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This eBook from the Gutenberg Project consists of approximately 897 pages of information about The Letters of Horace Walpole, Earl of Orford Volume 4.
Gideon, whose expenses for this month have been enormous, beyond all belief.  Sending my servant on a particular message to Sir Sampson, he found him in bed, not well, and probably half asleep; for he not only wrote the direction to two covers which I sent him, but sealed them both, though they were only covers.  I wonder, indeed, that he is alive, considering the immense fatigue and necessary drinking he must undergo—­a miserable hard task to get into Parliament!” The contest terminated in the return of Lord Robert Manners, who died, in April 1782, of the wounds he received in the great sea-fight in the West Indies; and of Mr. Philip Yorke, who, in 1790, succeeded his uncle as Earl of Hardwicke.-E.

Letter 197 To The Rev. Mr. Cole.  Strawberry Hill, July 4, 1780. (page 254)

I answer your letter the moment I receive it, to beg you will by no means take any notice, not even in directly and without My name, of the Life of Mr. Baker.  I am earnest against its being known to exist.  I should be teased to show it.  Mr. Gough might inquire about it—­I do not desire his acquaintance; and above all am determined, if I can help it, to have no controversy while I live.  You know I have hitherto suppressed my answers to the critics of Richard iii. for that reason; and above all things, I hate theologic or political controversy-nor need you fear my disputing with you, though we disagree very considerably indeed about Papist’s and Presbyterians.  I hope you have not yet sent the manuscript to Mr. Lort, and if you have not, do entreat you to deface undecipherably what you have said about my Life of Mr. Baker.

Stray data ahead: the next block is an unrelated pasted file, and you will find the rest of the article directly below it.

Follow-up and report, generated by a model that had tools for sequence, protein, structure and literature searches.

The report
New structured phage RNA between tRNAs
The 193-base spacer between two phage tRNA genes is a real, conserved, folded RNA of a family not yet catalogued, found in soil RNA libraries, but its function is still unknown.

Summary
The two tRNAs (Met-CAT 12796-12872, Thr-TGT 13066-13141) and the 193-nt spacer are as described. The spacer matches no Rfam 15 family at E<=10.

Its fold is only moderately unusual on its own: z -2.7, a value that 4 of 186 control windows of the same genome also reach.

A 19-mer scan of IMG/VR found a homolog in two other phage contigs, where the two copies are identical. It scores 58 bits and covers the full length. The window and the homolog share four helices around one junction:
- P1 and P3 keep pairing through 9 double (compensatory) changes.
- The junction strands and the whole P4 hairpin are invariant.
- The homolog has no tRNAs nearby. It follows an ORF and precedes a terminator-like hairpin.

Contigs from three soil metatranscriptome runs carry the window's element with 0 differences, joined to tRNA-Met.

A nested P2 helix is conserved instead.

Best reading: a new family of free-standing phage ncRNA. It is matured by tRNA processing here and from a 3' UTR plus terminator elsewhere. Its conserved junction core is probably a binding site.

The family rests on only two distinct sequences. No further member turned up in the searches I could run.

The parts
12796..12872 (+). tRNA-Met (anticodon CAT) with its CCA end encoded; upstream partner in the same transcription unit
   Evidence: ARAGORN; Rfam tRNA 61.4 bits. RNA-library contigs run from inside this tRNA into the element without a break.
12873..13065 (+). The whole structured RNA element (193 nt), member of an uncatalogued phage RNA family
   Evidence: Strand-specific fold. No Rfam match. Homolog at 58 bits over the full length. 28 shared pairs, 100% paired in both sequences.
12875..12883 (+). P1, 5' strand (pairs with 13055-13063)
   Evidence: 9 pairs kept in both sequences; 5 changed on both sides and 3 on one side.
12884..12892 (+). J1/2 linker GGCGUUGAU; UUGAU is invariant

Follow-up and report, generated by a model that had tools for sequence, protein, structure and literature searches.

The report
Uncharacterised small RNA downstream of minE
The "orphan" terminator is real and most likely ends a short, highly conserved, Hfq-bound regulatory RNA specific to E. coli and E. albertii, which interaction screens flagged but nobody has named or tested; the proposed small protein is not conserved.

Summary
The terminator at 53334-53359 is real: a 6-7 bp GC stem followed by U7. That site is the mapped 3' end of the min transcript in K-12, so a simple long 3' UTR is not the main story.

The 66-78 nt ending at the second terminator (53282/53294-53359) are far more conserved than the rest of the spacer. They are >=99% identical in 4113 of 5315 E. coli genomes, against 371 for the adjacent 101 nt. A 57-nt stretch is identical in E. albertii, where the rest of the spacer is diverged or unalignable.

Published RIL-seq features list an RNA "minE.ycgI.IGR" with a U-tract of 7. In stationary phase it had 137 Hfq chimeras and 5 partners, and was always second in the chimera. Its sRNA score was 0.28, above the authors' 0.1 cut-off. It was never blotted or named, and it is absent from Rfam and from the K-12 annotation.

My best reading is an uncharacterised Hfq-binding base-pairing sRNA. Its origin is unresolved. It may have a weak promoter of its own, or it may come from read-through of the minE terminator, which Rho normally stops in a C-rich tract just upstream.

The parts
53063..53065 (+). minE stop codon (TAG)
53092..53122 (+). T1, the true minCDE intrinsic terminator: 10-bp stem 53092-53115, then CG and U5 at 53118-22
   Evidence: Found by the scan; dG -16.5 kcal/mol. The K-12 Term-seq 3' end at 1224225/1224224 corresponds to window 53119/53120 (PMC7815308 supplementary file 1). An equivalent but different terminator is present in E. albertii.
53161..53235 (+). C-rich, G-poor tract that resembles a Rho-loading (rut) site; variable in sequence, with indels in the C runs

Pray satisfy me that no mention of it shall appear in print.  I can by no means consent to it, and I am sure you will prevent it.  Yours sincerely.

Letter 198 To The Earl Of Strafford.  Strawberry Hill, Sept. 9, 1780. (page 255)

I am very happy at receiving a letter from your lordship this moment, as I thought it very long since we had corresponded, but am afraid of being troublesome, when I have not the excuse of thanking you, or something worth telling you, which in truth is not the case at present.  No soul, whether interested or not, but deafens one about elections.  I always detested them, even when in Parliament; and when I lived a good deal at White’s, preferred hearing of Newmarket to elections; for the former, being uttered in a language I did not understand, did not engage my attention; but as they talked of elections in English, I could not help knowing what they said.  It does surprise me, I own, that people can choose to stuff their heads with details and circumstances. of which in six weeks they will never hear or think more.  The weather till now has been the chief topic of conversation.  Of late it has been the third very hot summer; but refreshed by so little rain, that the banks of the

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